1 of 2

Buy Photo

Casey Christie / The Californian

Longtime Bakersfield College softball coach Sandi Taylor has been named interim athletic director at the school.

2 of 2

Buy Photo


This photo was taken when Ryan Beckwith was introduced as the new athletic director of Bakersfield College.

Longtime Bakersfield College softball coach Sandi Taylor has been named interim athletic director at the school, BC spokeswoman Amber Chiang said Saturday morning.

Taylor replaces Ryan Beckwith, who resigned Friday.

Chiang confirmed Beckwith’s resignation, which was announced Friday in an interview with The Californian. No BC officials could be reached for comment on Friday.

Taylor will be the interim AD until the school can complete state- mandated hiring procedures required before Beckwith’s permanent successor is determined.

“That’s a natural movement based on her role as associate athletic director the last two years,” Chiang said of Taylor.

Beckwith’s resignation comes on the heels of conference sanctions against the Renegades’ football program that were announced on May 14.

Late Saturday afternoon, KGET’s Mark Haas tweeted that Beckwith was sent two letters of reprimand in June for unaccounted state championship football game tickets and not following payroll procedures.

Beckwith could not be reached for comment by The Californian but Haas tweeted that Beckwith had responded that the reprimands were “unproven and character defamation.”

Chiang said she knew nothing about any reprimand letters. “If I did, I couldn’t say anything because it’s a personnel issue,” she said.

Earlier Saturday, Chiang said that Beckwith was not fired.

“Not only I but (BC) President Sonya Christian as well have made clear: No member of the Bakersfield College staff will be or has been terminated as a result of the sanctions on the Bakersfield College athletic program,” Chiang said.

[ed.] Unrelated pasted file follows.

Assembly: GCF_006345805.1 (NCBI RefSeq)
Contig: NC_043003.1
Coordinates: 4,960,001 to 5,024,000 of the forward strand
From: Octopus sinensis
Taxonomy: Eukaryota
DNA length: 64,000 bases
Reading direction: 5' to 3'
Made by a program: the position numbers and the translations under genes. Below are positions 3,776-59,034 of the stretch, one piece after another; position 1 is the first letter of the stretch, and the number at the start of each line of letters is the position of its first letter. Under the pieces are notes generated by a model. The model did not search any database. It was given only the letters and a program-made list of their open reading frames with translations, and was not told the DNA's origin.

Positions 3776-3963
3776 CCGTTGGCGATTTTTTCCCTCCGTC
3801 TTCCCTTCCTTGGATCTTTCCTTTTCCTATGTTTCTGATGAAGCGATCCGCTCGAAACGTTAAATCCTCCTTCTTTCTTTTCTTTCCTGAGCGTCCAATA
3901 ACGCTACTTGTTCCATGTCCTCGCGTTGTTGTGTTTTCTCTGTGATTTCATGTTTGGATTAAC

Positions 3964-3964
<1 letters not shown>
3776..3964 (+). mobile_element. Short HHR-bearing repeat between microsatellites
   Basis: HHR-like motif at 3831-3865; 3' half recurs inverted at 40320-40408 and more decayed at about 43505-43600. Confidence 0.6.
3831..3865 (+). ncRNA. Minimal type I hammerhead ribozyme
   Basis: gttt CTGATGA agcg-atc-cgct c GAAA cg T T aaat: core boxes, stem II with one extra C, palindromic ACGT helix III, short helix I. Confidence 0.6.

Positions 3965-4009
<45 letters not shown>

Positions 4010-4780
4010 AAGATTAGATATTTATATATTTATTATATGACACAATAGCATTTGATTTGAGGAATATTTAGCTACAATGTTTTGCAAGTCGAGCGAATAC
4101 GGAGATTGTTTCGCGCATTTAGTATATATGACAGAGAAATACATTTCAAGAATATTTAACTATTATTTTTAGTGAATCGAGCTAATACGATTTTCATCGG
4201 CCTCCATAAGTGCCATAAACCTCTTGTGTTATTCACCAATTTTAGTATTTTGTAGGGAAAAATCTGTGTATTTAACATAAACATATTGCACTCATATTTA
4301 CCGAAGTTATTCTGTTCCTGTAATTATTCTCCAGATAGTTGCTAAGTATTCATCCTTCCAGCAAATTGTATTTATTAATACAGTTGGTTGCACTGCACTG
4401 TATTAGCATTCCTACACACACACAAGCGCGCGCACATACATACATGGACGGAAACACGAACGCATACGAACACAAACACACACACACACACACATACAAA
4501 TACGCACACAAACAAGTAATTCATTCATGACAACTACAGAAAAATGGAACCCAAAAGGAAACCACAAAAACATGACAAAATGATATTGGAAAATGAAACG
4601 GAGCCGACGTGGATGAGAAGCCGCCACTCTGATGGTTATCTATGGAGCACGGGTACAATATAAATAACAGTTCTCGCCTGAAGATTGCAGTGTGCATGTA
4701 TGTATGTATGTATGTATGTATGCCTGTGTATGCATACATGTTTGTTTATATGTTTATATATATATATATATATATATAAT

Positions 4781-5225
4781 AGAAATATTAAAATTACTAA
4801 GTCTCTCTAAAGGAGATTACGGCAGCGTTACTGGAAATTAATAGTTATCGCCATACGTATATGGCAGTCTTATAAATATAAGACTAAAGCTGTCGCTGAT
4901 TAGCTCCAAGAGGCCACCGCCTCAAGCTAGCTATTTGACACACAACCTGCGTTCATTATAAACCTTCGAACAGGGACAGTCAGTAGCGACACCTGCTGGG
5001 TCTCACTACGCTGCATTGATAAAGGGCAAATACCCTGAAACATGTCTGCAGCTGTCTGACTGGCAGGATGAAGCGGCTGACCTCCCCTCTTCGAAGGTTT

But Chiang would not say whether Beckwith was pressured into resigning and she wouldn’t divulge any payoff or other inducements BC made to Beckwith to finalize or quicken his resignation.

“I’m not at liberty to discuss that and truthfully I don’t have any of those particulars,” Chiang said. “That’s considered personnel things and we couldn’t release that anyway.”

Chiang said Taylor’s interim status could be in place for nearly a year “based on state employee rules.” Taylor’s added responsibilities will likely mean she won’t be able to continue as softball coach for the 2014 season, Chiang said.

“The duties of the athletic director are vast and extensive,” Chiang said. “We want to see that she is provided as much support as possible. I would expect us to name an interim head coach as well. But that would be between her and her supervisor.”

Taylor’s supervisor is Zav Dadabhoy, BC’s vice president of student affairs and the college’s point man in the negotiations with the California Community College Athletic Association during the investigation into BC’s alleged violations of CCCAA bylaws dealing with special privileges for football players.

A phone call and message left for Taylor,  asking about her interest in the permanent athletic director’s job and any thoughts on an interim softball coach, was not immediately returned.

On May 14, the Southern California Football Association ruled that BC’s football program had violated several CCCAA bylaws. The SCFA rules all BC football wins in the 2011 and 2012 seasons would become forfeit losses and the CCCAA subsequently vacated BC’s state football title it won last December.

The football program has also been placed on two years’ probation and has been ruled ineligible for the postseason this year.

BC officials have filed two appeals over those sanctions — both have been rejected — and Chiang said BC is expected to file its next appeal Monday, which will go before the entire CCCAA board.